In other respects, however, this is far from being a traditional novel. (Indeed, it is less traditional than “The Levels”). It includes such Modernist devices as a non-linear narrative and an unreliable narrator- indeed, a narrator who cheerfully denies not only his own unreliability but also the possibility of narrative which is 100% reliable.
The events of the book (which are not presented in chronological order) can be divided into three categories. The first is the present of its main character Tom Crick, brother of the aforementioned Dick. In this present, set in the late seventies and early eighties, Tom is a middle-aged history teacher at a comprehensive school in Greenwich, South London. The second category is Tom’s own personal history, especially his boyhood and youth in the thirties and forties, when he was growing up as the son of a Fenland lock-keeper, and his courtship of his future wife Mary. The third is the history of Tom’s ancestors which is used to illustrate the wider history of the Fens. Swift pays particular attention to Tom’s mother’s family, the Atkinsons, originally farmers who rose to become a powerful brewing dynasty in the nineteenth century but whose fortunes declined in the twentieth. He also finds room for digressions on such subjects as the natural history of the eel, a creature which plays an important part in his narrative.
The major theme of the novel is the importance of history. The fact that Tom is a history teacher rather than, say, a science or maths teacher is not just an irrelevant detail; it is a major plot point. Parts of the book are taken up with Tom’s lengthy conversations with Price, one of his teenage pupils who cannot see the relevance of the subject to the present day. Price’s doubts are (perhaps surprisingly) shared by the school’s headmaster, a science specialist, who feels that studying the past will do nothing to prepare students for the modern world. Price also fears the End of History- not the End of History in the sense which was later to be popularised by Francis Fukuyama but in the sense of a coming nuclear holocaust which will, quite literally, bring history to an end. (This was a fear which was very real in the seventies and eighties; Price reminded me vividly of some of my own school contemporaries).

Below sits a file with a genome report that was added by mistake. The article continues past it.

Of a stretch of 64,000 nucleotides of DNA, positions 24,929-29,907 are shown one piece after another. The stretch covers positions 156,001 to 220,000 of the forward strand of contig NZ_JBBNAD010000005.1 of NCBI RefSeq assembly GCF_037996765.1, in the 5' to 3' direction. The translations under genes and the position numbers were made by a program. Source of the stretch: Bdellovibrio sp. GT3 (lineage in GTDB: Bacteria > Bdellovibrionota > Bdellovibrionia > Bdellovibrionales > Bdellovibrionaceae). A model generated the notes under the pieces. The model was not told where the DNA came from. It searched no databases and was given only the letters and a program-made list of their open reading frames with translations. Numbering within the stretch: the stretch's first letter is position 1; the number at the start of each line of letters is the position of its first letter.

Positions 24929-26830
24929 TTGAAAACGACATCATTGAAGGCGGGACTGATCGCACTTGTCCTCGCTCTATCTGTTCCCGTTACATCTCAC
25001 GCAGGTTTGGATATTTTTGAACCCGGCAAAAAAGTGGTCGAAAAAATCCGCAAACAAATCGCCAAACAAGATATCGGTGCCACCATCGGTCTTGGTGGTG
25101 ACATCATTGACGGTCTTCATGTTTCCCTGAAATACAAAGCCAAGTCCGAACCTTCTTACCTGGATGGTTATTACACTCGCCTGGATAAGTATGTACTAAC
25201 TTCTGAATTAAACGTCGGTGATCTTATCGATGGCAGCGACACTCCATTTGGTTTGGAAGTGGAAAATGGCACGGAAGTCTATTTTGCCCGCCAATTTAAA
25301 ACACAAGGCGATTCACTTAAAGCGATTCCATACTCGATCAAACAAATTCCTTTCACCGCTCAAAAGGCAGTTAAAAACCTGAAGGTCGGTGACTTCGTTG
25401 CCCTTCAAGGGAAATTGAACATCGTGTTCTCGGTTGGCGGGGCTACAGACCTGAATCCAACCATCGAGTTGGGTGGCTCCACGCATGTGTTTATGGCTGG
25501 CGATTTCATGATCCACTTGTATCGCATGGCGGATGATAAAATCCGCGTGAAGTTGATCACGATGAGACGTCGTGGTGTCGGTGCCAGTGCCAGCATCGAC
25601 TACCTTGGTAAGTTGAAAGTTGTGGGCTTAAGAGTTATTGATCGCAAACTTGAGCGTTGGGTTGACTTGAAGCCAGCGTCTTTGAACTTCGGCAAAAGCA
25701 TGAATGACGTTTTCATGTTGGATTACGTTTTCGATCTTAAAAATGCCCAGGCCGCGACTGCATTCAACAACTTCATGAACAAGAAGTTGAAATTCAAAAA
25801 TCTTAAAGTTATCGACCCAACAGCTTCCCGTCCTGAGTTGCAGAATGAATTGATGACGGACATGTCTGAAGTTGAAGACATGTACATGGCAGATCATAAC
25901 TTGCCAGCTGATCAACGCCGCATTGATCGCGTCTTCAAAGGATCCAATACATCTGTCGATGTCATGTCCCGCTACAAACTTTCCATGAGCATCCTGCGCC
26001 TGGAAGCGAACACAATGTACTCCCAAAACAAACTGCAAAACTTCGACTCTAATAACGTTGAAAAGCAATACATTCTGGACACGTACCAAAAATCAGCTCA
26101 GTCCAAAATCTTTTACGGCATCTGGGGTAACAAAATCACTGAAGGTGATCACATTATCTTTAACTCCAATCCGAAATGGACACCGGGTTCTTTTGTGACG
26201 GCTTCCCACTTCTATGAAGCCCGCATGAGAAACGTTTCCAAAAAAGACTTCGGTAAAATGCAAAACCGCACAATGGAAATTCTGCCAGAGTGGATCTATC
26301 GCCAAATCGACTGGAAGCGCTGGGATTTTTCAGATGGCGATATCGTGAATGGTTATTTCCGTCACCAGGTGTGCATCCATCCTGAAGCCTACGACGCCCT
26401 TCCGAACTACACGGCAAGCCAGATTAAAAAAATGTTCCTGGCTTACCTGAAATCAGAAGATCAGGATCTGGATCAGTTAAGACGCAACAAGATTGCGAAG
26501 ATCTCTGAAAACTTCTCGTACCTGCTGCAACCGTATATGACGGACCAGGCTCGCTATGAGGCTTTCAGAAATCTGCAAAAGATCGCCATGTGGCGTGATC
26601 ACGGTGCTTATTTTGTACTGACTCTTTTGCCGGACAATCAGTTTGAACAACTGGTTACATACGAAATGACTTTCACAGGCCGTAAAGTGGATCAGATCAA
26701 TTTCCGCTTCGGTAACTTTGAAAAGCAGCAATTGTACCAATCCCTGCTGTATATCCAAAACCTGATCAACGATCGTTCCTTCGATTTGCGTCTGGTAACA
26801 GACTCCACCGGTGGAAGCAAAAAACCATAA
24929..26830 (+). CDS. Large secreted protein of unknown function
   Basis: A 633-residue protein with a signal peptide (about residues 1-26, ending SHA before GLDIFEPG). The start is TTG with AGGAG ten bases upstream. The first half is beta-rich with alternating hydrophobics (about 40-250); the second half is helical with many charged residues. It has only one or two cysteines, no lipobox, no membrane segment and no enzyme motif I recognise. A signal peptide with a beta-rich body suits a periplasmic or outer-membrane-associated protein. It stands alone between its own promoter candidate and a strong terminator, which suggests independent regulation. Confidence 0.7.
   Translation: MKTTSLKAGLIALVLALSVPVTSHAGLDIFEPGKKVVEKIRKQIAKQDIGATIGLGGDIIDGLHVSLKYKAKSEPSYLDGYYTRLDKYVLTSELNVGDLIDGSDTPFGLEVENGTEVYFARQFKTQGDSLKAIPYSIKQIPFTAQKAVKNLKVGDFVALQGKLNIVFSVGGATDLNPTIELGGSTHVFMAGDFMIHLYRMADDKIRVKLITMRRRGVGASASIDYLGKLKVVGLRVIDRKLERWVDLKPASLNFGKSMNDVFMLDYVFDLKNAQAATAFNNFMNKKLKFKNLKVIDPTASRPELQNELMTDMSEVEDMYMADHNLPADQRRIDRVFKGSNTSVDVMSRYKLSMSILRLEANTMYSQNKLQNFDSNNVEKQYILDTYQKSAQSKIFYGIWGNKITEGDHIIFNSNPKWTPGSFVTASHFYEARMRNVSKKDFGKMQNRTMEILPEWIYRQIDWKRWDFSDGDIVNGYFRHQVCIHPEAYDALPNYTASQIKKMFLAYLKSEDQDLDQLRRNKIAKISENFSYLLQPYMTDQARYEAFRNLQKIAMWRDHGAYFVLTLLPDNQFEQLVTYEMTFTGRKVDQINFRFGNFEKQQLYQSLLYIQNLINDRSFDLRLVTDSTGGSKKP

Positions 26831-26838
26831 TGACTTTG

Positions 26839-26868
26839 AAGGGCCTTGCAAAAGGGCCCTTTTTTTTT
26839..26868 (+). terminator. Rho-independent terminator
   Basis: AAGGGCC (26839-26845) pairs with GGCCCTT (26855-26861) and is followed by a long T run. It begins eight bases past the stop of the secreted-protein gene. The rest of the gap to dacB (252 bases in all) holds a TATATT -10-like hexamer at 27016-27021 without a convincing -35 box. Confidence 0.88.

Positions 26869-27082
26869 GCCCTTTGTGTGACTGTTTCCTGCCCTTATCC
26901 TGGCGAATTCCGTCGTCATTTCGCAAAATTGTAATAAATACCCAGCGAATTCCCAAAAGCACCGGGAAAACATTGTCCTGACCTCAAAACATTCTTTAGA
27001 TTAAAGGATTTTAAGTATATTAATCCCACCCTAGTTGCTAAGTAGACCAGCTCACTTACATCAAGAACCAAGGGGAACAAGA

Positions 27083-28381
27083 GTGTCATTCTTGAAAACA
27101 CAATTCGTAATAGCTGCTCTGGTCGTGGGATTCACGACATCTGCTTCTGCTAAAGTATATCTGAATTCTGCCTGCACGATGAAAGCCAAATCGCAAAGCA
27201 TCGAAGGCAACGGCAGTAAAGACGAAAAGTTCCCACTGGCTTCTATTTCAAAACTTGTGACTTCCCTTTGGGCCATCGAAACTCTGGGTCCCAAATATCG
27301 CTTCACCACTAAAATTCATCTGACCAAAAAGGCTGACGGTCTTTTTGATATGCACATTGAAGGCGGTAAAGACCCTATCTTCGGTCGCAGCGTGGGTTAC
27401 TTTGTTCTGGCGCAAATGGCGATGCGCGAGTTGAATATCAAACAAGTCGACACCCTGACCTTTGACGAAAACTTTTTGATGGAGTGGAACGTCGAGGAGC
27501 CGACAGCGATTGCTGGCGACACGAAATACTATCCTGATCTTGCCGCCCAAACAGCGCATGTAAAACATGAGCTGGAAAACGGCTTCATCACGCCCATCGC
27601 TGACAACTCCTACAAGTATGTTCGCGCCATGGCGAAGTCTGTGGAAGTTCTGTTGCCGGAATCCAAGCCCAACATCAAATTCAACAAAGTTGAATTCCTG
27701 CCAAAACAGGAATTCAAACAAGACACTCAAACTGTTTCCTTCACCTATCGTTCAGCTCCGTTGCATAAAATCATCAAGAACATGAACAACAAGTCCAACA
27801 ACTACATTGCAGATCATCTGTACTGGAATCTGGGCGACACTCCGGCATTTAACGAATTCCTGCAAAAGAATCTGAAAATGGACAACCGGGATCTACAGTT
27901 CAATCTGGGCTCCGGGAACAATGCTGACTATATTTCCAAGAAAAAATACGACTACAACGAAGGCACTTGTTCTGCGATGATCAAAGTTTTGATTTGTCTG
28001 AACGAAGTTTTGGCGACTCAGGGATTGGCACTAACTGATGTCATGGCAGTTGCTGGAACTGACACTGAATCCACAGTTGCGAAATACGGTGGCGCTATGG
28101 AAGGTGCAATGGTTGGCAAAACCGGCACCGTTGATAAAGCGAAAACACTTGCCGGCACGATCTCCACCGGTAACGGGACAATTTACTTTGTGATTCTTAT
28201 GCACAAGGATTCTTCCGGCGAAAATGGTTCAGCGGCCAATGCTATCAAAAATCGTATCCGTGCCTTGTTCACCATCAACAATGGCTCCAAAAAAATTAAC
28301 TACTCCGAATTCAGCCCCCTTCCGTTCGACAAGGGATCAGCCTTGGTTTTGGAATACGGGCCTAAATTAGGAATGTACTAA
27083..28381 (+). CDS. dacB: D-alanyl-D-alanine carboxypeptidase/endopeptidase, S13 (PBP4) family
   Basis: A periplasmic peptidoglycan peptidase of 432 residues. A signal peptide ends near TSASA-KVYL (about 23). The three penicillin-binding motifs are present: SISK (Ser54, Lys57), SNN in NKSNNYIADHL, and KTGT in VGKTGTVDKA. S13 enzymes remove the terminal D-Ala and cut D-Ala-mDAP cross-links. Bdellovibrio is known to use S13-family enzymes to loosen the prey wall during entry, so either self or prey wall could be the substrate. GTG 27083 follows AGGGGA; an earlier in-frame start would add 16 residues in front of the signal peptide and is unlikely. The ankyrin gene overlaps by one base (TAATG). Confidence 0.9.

The significance of Greenwich as the setting for those parts of the story which take place outside the Fens is that it is the site of the Greenwich Meridian, which can be seen as marking the beginning, rather than the end, of time. This point seems to have been lost on the makers of the otherwise decent film adaptation who moved the Greenwich scenes to Pittsburgh, presumably on the assumption that this would make it more attractive to American audiences.
Tom’s answer to the doubts raised by Price and the headmaster is not that stock cliché about “learning the lessons of history”, meaning that one should study the past in order to avoid the mistakes made by previous generations in the conduct of political, diplomatic and military affairs. It is rather that there can be no better preparation for the modern world than the study of the past, because it is that very past which has brought the modern world into being and which continues to inform it. The philosophy of history presented here is an essentially cyclical, small-c conservative one; the past repeats itself, but any attempt to prevent it from doing so, or to remake it according to one’s own political or philosophical prejudices are doomed to failure. Although history informs the present, it can never be known in all its details and the historian can never be entirely free of personal bias, which is why I said that Tom denies the possibility of reliable narrative.
The plot of the novel is a complex one, including such matters as murder, incest, family rivalry, young love, abortion, mental illness and kidnapping. There is a large cast of characters, spread over several centuries of history. Yet despite this complexity Swift is able to make his novel hang together as a coherent whole, and does so brilliantly. One of the factors holding it together is the use of Tom- an essentially sympathetic figure, despite his unreliability- as narrator, but the main one is the sense of place conveyed by the all-pervading presence of the Fens, the “Waterland” of the title, throughout the book, even when the ostensible setting is in Greenwich. “Waterland” is one of the finest British novels of the eighties.
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Not an adventure but an experience.
I grew up near this area and many times when reading this book, i was transported back to my childhood.Read more